"Some recite verses pertaining to their names at this point. See page 400."On page 400-02 we see a list of such verses (102 in total), and the explanation that
"Kitzur Shelah teaches that it is a source of merit to recite a scriptural verse symbolizing one's name before יִהְיוּ לְרָצוֹן at the end of Shemoneh Esrei. The verse should either contain the person's name or else begin and end with the first and last letters of the name."Many people who may not know the precise sort of "merit" this is a source of, might have heard that something more is going on; that a person will be asked their name by an angel after they die, and saying these verses every day helps them remember it. Some may have even heard more, but the preceding was as far as it went in my childhood, and I don't think it was ever revisited.
On pp. 33-34 of the 4th edition of The Obligations of Christians to Attempt the Conversion of the Jews (London 1813) we read:
As you can see, this says that an angel is supposed to come and knock upon the coffin, crying at the dead 'Wicked! Wicked! What is thy name? Where is thy name recorded in the scriptures?" If the deceased cannot recite his verse, the angel beats him with a hot iron, breaking his bones. The writer of this passage tries to show that Jews believe that women have no souls, and as proof, that there are no verses for their name - even though the Jews deny that they believe that women have no souls. Actually, some old machzorim do have verses for women's names - but the one's I've seen are probably 75-100 years later than this.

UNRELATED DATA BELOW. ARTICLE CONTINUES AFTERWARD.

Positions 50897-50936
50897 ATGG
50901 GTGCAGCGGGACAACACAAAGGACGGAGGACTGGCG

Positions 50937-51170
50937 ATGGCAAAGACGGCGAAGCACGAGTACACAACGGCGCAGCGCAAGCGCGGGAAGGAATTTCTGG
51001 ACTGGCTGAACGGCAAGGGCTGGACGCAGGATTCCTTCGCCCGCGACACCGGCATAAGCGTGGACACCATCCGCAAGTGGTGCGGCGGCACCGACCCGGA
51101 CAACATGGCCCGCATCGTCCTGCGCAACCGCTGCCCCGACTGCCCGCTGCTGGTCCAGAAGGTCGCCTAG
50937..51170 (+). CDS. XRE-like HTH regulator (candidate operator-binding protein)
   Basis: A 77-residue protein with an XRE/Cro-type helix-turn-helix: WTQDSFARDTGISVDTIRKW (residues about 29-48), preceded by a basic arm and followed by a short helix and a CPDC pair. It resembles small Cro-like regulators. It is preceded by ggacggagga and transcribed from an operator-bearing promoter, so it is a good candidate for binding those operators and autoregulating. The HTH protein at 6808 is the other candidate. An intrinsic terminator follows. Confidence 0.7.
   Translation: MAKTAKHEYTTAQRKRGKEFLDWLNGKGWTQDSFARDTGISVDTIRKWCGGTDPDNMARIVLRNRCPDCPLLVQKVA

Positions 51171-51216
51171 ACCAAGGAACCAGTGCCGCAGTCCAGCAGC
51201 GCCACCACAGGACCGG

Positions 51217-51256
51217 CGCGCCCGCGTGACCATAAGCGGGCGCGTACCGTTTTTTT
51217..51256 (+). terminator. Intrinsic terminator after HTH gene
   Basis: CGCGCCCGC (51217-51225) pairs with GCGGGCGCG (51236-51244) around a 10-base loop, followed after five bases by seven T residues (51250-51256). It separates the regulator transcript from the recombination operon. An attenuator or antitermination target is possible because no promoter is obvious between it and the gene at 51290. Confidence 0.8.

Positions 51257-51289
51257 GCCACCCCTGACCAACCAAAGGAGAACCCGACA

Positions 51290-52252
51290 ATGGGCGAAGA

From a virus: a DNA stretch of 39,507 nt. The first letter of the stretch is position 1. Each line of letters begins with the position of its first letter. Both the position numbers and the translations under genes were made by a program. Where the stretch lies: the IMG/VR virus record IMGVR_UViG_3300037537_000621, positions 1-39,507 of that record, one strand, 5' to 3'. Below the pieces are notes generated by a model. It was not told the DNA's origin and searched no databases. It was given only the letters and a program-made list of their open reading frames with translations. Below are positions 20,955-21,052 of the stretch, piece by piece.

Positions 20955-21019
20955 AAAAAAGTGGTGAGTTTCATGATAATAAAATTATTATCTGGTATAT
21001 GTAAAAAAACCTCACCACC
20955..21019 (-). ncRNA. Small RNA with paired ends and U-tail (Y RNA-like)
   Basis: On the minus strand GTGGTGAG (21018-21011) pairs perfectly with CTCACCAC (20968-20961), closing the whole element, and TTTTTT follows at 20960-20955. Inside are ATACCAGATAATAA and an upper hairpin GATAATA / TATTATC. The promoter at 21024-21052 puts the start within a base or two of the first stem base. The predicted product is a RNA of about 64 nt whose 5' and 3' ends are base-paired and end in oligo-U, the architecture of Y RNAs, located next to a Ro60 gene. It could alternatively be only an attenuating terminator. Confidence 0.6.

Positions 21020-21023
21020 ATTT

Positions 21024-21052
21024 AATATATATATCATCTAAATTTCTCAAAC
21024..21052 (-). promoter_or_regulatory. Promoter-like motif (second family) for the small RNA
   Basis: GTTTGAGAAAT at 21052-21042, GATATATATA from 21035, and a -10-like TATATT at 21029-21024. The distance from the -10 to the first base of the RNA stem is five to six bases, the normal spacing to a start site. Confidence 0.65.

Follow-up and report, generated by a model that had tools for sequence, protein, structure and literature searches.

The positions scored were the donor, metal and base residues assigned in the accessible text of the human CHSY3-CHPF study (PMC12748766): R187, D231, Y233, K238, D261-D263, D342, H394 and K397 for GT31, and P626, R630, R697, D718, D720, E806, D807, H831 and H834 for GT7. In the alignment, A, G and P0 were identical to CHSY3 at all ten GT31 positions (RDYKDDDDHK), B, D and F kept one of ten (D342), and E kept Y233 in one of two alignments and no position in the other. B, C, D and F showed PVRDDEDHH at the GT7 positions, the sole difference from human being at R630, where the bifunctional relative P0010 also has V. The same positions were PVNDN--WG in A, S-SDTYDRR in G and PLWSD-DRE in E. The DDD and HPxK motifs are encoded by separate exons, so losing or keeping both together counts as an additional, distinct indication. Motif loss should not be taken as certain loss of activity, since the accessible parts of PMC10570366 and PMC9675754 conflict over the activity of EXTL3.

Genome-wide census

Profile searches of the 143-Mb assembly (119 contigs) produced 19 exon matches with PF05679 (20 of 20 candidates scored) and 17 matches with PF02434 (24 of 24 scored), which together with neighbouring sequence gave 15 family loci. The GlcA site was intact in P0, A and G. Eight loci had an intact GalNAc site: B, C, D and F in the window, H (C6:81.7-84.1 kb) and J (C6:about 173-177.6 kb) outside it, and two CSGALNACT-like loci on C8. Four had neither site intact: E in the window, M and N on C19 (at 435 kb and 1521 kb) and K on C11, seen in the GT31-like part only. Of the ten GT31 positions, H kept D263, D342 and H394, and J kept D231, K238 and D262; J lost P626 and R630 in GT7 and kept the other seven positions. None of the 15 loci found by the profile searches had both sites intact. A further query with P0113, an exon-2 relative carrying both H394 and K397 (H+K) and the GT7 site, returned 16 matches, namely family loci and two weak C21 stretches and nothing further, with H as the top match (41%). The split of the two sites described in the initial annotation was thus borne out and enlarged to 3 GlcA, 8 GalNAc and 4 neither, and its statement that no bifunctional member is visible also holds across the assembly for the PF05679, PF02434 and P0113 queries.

Elsewhere in this very book, the author writes "It is supposed that above 400 Jewish females are the victims of ignorance and vice, wandering about the streets of London to gain a precarious and miserable livelihood by the wages of prostitution." He footnotes that the blame for this must surely be "that the Rabbies teach, that previous to marriage, females have nothing to do with religion or the observation of any of the commandments; and after marriage, have only to observe three. viz. first, her purification; second, to bless the sabbath bread, viz. to take a small piece of dough, repeat a prayer over it, and throw it into the fire; and, third, to light the candles on the eve of the sabbath, or of any holiday, and repeat a prayer whilst doing it, duly observing these three, she is in a state of safety." He then quotes the Mishnah "Shelosha mitvot nashim metzuvim" and "al shalosh averot nashim metot beshe'at ledatan."